I can’t remember what Becca was doing this Saturday night, but whatever it was, it didn’t involve me. Instead, I was laying on the couch, perusing social media sites on my iPad and essentially doing little more than wasting time. Finally, I decided this was a good opportunity to watch something in which my beloved wife would have no interest. But what?
Daryl Bosma, with whom I frequently share Friday morning coffee and conversation in Sibley, had spent months talking about a certain television show, and even lent me the DVD of its first season. (I ended up passing it along to another person Daryl kept talking to about the series.) I think part of the reason I restrained from viewing was because I was somehow afraid I’d feel the need to spend hours upon hours catching up with dozens and dozens of episodes, rather than engaging in something far more productive. For example, the last time I watched a TV show I’d never seen — the remarkably unique comedy “Arrested Development” — I wound up embarking on a multi-hour marathon that, after a brief break for sleep, resumed the next day. It should also be duly noted that Bec and the kids were out of town at the time, at her parents, which made such a prolonged tube time easier and — I suppose — a tad more justifiable.
So, it was after a brief internal debate that I tapped the Netflix app on the iPad and went to “Breaking Bad.” Suffice it to say that my life hasn’t been the same since.
Let me first issue a disclaimer: this show is definitely not for everyone. Between its frequent depiction of drugs, use of profanity, and occasional nudity and sexual situations — not to mention violence and the overall nature of the subject matter — to say “Breaking Bad” is for mature audiences is an understatement. But let me also say this: even though I’ve only watched a few episodes now — yes, I’m hooked — I think it’s fair to say that in no way is all this nastiness being glorified nor glamorized.
For the uninitiated, “Breaking Bad” (which aired its series finale Sunday) centers upon a married chemistry teacher named Walter White (played by Bryan Cranston, who embodies this character in a way few actors probably could) who has a teenage special-needs son with another child on the way. In the pilot episode, Walter is shocked to learn he has advanced lung cancer. Deeply concerned about the massive medical costs in front of him, he confronts one of his former students — now a methamphetamine dealer — and asks if they can forge a partnership.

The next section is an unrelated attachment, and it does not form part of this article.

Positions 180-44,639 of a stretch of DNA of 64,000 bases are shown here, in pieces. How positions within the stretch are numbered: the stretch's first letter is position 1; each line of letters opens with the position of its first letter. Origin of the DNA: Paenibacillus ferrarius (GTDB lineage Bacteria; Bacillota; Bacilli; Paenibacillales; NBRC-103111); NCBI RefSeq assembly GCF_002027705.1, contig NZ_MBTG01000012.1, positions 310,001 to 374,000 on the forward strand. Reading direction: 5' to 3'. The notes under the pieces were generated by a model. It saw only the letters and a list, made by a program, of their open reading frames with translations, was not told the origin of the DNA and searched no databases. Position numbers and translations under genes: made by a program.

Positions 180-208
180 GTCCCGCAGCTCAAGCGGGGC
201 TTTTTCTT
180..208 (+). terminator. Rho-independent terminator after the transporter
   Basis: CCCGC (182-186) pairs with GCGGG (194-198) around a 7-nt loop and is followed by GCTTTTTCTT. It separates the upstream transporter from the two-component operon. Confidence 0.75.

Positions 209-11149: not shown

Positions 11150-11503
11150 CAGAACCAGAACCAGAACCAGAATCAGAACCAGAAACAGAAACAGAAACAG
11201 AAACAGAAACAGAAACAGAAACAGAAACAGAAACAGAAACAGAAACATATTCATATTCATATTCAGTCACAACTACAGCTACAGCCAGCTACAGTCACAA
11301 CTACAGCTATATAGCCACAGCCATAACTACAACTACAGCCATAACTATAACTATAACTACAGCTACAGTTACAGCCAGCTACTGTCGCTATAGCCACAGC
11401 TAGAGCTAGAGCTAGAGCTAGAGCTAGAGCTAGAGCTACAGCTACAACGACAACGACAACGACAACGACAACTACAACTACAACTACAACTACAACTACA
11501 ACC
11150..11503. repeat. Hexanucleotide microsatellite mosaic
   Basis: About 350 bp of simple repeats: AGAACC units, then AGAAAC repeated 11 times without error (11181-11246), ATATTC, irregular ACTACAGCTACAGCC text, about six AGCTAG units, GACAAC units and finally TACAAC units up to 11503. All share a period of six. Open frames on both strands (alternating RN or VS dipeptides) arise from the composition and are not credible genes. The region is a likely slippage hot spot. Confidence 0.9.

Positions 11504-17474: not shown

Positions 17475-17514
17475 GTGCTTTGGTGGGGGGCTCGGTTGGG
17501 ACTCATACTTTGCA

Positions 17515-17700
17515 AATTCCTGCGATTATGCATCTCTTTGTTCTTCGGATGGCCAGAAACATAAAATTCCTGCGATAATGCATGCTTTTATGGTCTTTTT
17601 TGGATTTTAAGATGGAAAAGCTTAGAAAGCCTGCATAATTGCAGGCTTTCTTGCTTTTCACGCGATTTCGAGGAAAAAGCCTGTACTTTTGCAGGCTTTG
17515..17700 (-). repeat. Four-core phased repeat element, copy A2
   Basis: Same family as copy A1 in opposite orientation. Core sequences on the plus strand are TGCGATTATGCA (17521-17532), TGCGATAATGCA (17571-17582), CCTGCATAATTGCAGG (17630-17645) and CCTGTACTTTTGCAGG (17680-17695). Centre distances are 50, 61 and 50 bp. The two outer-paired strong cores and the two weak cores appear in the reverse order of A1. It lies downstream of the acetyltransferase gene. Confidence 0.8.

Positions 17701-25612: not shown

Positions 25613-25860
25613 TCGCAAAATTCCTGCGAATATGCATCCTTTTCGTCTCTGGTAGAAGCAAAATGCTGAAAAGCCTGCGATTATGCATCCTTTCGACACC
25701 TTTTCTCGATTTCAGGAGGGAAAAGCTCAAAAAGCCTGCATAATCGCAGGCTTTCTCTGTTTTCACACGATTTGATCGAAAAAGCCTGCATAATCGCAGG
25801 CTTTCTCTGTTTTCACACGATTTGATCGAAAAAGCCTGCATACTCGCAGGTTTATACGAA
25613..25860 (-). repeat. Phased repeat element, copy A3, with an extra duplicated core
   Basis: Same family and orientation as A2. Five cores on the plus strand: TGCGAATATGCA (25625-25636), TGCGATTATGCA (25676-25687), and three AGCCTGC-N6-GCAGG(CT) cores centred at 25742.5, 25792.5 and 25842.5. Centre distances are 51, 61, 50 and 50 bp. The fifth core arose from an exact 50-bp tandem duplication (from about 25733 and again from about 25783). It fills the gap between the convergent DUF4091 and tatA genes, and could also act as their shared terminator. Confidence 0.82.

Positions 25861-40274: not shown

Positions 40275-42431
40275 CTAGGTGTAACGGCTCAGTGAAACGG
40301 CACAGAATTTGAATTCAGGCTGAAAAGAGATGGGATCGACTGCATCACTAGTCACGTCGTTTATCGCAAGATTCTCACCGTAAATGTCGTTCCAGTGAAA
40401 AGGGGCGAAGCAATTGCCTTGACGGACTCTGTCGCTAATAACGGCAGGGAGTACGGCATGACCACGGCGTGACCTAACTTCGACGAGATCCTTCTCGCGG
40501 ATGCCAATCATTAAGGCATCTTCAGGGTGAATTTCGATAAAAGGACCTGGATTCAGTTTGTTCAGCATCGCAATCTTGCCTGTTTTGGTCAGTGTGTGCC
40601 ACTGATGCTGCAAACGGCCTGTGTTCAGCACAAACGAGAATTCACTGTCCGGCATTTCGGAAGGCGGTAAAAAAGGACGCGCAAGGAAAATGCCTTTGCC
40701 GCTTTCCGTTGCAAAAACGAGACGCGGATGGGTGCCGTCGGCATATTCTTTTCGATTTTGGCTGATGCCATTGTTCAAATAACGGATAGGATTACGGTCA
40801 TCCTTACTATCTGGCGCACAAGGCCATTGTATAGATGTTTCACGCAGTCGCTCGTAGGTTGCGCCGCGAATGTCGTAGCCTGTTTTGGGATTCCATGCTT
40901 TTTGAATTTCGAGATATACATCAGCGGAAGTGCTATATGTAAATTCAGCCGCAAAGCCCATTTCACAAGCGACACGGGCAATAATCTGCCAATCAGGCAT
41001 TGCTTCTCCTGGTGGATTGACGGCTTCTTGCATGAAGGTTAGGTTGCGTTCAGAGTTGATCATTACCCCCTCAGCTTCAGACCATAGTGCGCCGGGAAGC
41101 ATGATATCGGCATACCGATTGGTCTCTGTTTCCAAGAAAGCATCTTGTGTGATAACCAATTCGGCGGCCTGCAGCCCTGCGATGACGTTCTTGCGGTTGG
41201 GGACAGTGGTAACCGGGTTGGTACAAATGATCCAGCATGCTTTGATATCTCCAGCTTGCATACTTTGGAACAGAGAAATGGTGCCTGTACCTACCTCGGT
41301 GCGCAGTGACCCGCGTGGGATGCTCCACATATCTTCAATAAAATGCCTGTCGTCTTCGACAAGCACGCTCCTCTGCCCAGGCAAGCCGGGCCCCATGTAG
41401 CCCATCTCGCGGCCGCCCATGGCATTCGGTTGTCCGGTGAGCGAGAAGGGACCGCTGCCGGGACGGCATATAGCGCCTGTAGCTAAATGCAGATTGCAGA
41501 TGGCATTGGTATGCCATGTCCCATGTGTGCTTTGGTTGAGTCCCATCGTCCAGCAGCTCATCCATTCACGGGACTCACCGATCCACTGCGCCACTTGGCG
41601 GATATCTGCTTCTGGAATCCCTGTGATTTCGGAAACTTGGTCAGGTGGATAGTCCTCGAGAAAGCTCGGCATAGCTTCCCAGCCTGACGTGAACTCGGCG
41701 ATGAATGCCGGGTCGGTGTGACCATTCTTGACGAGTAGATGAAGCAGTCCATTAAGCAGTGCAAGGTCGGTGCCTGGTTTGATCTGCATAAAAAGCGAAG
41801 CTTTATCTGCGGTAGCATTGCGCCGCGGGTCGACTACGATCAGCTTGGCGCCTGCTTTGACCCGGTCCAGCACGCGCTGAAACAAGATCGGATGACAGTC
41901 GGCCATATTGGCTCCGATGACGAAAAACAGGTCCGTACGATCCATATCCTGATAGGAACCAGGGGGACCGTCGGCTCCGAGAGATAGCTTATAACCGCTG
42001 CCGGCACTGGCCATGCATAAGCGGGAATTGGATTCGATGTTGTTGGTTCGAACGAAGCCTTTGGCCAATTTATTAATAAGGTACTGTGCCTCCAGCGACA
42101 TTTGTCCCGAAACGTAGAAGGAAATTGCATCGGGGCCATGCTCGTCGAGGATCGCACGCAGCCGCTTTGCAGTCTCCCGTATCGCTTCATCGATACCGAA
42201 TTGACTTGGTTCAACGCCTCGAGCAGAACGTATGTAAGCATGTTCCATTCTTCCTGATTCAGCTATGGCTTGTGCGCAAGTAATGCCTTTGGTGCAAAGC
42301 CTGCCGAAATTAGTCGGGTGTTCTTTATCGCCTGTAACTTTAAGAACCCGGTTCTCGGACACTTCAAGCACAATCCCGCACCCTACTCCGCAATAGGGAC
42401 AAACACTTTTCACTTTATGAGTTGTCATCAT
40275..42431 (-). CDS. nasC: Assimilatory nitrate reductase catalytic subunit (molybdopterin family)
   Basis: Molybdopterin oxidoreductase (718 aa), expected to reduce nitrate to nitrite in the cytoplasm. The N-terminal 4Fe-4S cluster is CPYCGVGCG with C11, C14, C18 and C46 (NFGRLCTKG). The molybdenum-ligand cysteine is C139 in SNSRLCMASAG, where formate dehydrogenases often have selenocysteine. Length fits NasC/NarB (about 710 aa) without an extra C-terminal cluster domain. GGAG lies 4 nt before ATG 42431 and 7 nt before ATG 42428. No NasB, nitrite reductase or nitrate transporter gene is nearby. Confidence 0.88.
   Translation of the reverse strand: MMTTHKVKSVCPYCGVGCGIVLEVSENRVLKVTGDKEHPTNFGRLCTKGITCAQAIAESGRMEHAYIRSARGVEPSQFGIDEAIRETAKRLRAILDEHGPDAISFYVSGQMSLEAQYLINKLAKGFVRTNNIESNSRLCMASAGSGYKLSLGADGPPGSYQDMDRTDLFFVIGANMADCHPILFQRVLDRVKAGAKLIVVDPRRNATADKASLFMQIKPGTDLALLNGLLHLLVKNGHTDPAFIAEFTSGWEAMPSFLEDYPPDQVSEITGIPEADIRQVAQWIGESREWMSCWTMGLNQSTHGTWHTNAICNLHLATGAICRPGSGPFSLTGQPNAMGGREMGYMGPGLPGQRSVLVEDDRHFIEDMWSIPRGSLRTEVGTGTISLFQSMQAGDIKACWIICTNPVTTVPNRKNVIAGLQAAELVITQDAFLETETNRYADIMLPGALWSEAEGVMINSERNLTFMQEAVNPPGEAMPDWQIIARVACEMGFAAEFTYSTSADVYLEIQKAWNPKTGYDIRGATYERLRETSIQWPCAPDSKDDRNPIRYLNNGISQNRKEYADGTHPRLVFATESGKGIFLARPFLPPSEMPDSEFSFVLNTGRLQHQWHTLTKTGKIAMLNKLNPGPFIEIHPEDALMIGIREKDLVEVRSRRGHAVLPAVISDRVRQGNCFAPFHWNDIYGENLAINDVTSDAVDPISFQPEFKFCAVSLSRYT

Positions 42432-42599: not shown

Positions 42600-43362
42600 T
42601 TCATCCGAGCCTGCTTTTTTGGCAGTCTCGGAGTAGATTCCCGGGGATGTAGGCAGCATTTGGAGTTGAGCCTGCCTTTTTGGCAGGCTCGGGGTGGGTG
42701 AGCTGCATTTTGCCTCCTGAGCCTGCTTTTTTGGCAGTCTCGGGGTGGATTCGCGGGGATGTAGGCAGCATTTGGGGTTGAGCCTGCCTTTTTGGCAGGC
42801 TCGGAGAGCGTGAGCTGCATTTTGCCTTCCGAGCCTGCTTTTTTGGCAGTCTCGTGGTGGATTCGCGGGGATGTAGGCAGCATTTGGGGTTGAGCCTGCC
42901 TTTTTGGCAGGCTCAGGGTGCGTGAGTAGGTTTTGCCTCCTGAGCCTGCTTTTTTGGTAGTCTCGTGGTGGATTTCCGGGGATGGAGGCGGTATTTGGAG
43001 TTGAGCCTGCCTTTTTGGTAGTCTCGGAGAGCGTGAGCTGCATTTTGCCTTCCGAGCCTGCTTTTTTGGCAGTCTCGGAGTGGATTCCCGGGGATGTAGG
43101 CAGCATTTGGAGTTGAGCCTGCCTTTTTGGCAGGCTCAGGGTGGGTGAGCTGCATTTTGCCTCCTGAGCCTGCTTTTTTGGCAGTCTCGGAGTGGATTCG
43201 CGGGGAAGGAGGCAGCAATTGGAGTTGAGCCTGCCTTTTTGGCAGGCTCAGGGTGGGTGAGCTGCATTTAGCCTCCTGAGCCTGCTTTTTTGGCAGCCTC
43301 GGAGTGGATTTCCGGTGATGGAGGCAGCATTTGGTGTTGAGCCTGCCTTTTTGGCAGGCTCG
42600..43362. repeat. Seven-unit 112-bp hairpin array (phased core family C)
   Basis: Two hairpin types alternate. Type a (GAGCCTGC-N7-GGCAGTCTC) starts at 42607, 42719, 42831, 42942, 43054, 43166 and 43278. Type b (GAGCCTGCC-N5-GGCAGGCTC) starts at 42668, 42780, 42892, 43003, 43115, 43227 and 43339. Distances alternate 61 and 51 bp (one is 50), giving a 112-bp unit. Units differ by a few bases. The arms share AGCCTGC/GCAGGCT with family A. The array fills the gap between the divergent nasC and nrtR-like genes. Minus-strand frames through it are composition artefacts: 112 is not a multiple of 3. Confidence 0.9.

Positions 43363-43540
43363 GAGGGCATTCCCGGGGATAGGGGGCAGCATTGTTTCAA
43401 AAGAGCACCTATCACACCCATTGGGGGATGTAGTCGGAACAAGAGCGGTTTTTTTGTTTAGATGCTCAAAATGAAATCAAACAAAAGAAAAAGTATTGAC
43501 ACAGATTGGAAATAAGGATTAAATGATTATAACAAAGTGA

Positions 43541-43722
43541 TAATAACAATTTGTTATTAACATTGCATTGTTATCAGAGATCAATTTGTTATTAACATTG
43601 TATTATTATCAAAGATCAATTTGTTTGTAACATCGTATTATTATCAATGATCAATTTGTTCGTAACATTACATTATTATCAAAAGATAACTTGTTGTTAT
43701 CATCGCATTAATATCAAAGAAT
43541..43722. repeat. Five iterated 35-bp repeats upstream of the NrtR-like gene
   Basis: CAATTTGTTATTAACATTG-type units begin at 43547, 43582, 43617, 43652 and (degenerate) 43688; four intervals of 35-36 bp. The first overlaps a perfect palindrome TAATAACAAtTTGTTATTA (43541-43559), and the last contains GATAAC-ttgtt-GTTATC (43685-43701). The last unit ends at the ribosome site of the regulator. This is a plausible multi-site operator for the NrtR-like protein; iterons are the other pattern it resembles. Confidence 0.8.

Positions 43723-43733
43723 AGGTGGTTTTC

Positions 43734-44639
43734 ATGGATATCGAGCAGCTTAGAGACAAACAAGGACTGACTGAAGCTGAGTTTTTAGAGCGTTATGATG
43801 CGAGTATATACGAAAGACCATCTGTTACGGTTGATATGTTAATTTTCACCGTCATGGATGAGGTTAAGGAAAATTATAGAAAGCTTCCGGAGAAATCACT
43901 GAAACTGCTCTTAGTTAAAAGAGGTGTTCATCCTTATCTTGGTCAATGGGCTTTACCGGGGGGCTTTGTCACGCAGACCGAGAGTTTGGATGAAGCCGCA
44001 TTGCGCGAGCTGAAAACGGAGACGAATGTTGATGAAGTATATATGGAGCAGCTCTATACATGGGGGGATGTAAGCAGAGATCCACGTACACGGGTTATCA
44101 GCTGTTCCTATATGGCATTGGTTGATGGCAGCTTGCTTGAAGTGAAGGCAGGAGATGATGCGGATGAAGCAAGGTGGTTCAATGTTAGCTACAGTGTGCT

Several things, in my mind, make “Bad” great TV. Cranston’s portrayal of Walter is exceptional — he has been awarded multiple Emmys — but it helps that the writing is razor-sharp and the character development beyond reproach. The various ways the protagonist copes with his diagnosis are staged with an unsympathetic realism.
The series’ fourth episode, for instance, featured a stunning conclusion that I still can’t get out of my head days later. While driving, Walter experiences a coughing fit so bad that he ends up spitting up blood. He pulls off to the side of the road to collect himself, alone in his misery, and then sees a man consumed with his own complete arrogance talking loudly on his cell phone (which he also had been earlier, when Walter encountered him at a doctor’s office) while walking into a gas station. Moved to somewhere between tears and uncontrollable rage, Walter walks over to his vehicle, opens the hood and intentionally sets the vehicle ablaze within seconds. Sure, Walter’s actions could never be condoned, but you still can’t help but feel pity.
Walter, too, displays a humanity when confronted with the reality of a hostage situation in the basement of his partner, Jesse (the terrific Aaron Paul). The obvious struggle to do the right thing — whatever that may be, as time passes and Walter develops something of a relationship with his captive — is engrossing, agonizing and tension-building. And if you think for a minute that “Breaking Bad” promotes drug use in any way, I suggest you watch the scene in which Jesse is so overcome by meth-fueled paranoia that he sees a pair of bicycle-riding evangelists as weapon-wielding, Harley-riding toughs who are coming to kill him.
I could go on and on about this show, but the only thing more I’d add about it is: If you think you’re up for it, try it. Just don’t say I didn’t warn you that it could become addicting. Bec and the kids were at her parents’ this past weekend — the first time the three of them had gone since my “Arrested Development” extravaganza. I bet you know what I did in their absence.